These 7 Dog-Training Principles Work for Humans, Too
It turns out we have a lot in common
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Last winter my family grew by four legs. No, we didn’t have twins. We adopted Ananda, a then seven-week-old German shepherd dog (GSD).
GSDs are great, but they are also a lot of work. When we first got Ananda, my son was just shy of three years old. Ananda thought he was a baby sheep and constantly tried to herd him. We also have two cats. He tried to herd them, too.
It was clear that Ananda and I would benefit from some professional coaching. We hooked up with David Kabler, a master trainer with over 25 years of experience and founder of the Kabler School for Dogs in our hometown of Asheville, North Carolina. I quickly fell in love with the training process. When I was reflecting on why this might be, it occurred to me that the foundational principles of dog training have much in common with those of human training—be it parenting, developing fitness, or cultivating any other skill. Here’s what we can learn from both.
We all want quick fixes and overnight success, but the truth is that progress, in nearly every endeavor, unfolds over time. “Holding a clear picture of your dog’s training path in your mind—understanding the signals your dog is sending you and reading the signs along the way—will ensure you don’t move too fast and expect too much from your pup,” says Kabler.
The same goes for humans. One study found that most people have a hot streak in their career, “a specific period during which an individual’s performance is substantially better than his or her typical performance.” The one thing nearly every hot streak has in common? They all rest on a foundation of prior work, during which observable improvement was much less substantial and patience was key to the eventual breakthrough.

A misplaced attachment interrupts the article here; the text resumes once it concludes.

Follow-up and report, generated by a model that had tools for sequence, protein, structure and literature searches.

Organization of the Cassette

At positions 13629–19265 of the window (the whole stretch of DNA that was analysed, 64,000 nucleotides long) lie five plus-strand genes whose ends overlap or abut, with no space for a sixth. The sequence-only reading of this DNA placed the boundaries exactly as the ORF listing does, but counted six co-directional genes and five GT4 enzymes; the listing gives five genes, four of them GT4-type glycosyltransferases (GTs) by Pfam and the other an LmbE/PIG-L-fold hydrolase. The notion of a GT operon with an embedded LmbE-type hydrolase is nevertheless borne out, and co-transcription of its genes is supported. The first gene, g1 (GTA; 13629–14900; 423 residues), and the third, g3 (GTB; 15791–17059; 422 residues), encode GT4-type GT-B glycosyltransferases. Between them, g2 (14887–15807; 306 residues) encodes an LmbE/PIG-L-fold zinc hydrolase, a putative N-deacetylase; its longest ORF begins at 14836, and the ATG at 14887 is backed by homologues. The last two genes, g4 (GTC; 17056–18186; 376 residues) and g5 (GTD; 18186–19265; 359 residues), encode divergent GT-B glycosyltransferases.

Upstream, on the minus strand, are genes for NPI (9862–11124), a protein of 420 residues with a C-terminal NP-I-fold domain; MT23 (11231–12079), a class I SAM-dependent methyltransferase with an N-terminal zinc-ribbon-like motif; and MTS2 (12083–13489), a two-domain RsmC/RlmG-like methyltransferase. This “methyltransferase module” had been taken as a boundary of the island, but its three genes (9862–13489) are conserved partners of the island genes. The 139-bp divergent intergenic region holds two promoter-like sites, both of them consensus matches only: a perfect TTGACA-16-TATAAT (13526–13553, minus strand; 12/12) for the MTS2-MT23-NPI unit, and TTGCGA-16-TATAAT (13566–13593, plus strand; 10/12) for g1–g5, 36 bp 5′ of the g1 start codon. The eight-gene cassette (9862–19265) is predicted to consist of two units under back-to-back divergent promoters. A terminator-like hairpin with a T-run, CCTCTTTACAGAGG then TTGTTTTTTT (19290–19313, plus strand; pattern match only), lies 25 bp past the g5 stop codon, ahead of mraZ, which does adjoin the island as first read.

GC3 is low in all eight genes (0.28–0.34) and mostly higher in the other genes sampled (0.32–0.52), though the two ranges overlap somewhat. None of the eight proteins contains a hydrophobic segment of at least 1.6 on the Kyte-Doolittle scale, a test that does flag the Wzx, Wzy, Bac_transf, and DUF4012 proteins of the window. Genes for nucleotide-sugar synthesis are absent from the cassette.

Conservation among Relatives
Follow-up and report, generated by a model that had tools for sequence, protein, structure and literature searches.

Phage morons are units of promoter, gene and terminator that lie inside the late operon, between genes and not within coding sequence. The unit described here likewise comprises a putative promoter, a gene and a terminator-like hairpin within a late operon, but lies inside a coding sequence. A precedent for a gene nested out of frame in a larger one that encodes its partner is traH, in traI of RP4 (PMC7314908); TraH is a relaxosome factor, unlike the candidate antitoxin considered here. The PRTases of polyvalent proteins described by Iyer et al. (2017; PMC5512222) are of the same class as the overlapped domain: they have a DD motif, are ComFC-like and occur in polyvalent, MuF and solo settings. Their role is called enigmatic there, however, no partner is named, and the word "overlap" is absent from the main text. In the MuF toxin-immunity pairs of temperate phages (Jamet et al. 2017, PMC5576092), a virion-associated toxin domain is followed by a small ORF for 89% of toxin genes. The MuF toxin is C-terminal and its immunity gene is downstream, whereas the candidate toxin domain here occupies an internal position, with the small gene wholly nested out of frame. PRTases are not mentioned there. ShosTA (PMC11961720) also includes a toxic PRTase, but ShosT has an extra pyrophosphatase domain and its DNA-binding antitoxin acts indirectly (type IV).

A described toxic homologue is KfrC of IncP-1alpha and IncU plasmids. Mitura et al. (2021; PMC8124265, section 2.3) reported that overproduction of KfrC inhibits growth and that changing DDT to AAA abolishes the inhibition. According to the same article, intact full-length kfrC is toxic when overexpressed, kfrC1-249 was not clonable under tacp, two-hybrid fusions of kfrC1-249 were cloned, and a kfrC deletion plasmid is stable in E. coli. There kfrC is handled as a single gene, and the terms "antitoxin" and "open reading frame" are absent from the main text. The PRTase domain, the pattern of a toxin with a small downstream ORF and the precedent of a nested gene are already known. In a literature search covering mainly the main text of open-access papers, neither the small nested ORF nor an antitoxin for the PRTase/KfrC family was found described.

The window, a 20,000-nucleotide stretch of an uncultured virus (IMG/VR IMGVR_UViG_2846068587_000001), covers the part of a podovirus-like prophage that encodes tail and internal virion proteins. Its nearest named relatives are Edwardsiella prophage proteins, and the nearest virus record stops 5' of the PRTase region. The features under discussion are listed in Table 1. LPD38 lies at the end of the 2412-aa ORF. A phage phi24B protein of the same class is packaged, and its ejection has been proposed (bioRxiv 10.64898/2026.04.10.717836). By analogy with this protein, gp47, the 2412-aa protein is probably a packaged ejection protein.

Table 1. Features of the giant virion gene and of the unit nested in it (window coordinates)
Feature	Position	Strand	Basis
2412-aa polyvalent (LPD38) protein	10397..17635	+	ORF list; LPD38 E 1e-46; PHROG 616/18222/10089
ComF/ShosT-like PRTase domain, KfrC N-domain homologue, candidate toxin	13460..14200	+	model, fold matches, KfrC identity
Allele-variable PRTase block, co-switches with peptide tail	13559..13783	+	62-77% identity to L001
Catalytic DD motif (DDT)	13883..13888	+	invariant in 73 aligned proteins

If you do too much too soon with your dog, they will burn out, just like a human. With Ananda, this meant keeping training sessions compact and taking a long view. The goal is never to do anything heroic in a given day or week; rather, you’ll develop a solid, well-balanced dog over many months. “In a well-planned training program, there should always be time to allow for leaps of understanding and action,” says Kabler.
Humans mess this concept up all the time. According to 2017 data collected by the University of Scranton, only 9 percent of people stick to their New Year’s resolutions for a full year. Most experience a slow decline: 73 percent of people maintain their resolution through one week, 68 percent through two weeks, 58 percent through one month, and 45 percent through six months. Why? Because they tend to do too much too soon. It’s far better to meditate for five minutes a day and stick with it than it is to meditate for an hour a day and peter out.
Consistency compounds in nearly everything, and dog training is no exception. “Your dog deserves to have a world that makes sense to them. By providing consistent training, routines, and behavioral expectations, your dog will gain clear insight about what is expected of them,” explains Kabler.
There were many mornings I didn’t want to train Ananda, and Ananda didn’t want to be trained. But consistency means showing up, even when you don’t want to.
This mindset improves confidence and releases pressure, because you don’t always feel like you’re coming up short. You just need to show up and execute. It also lessens the risk of injury—emotional and physical—since there isn’t a perceived need to put forth massive efforts every day. The result is more consistent performance that compounds over time. Sustainable progress, in everything from diet to fitness to creativity, isn’t about being consistently great; it’s about being great at being consistent. It’s about being good enough over and over again.
If you want to get better at anything, you’ve got to focus on what is in front of you. It’s hard to know what to do next if you’e not fully present for what is happening right now, especially in our current climate of novelty and distraction. In this regard, dog training is no different than any other pursuit.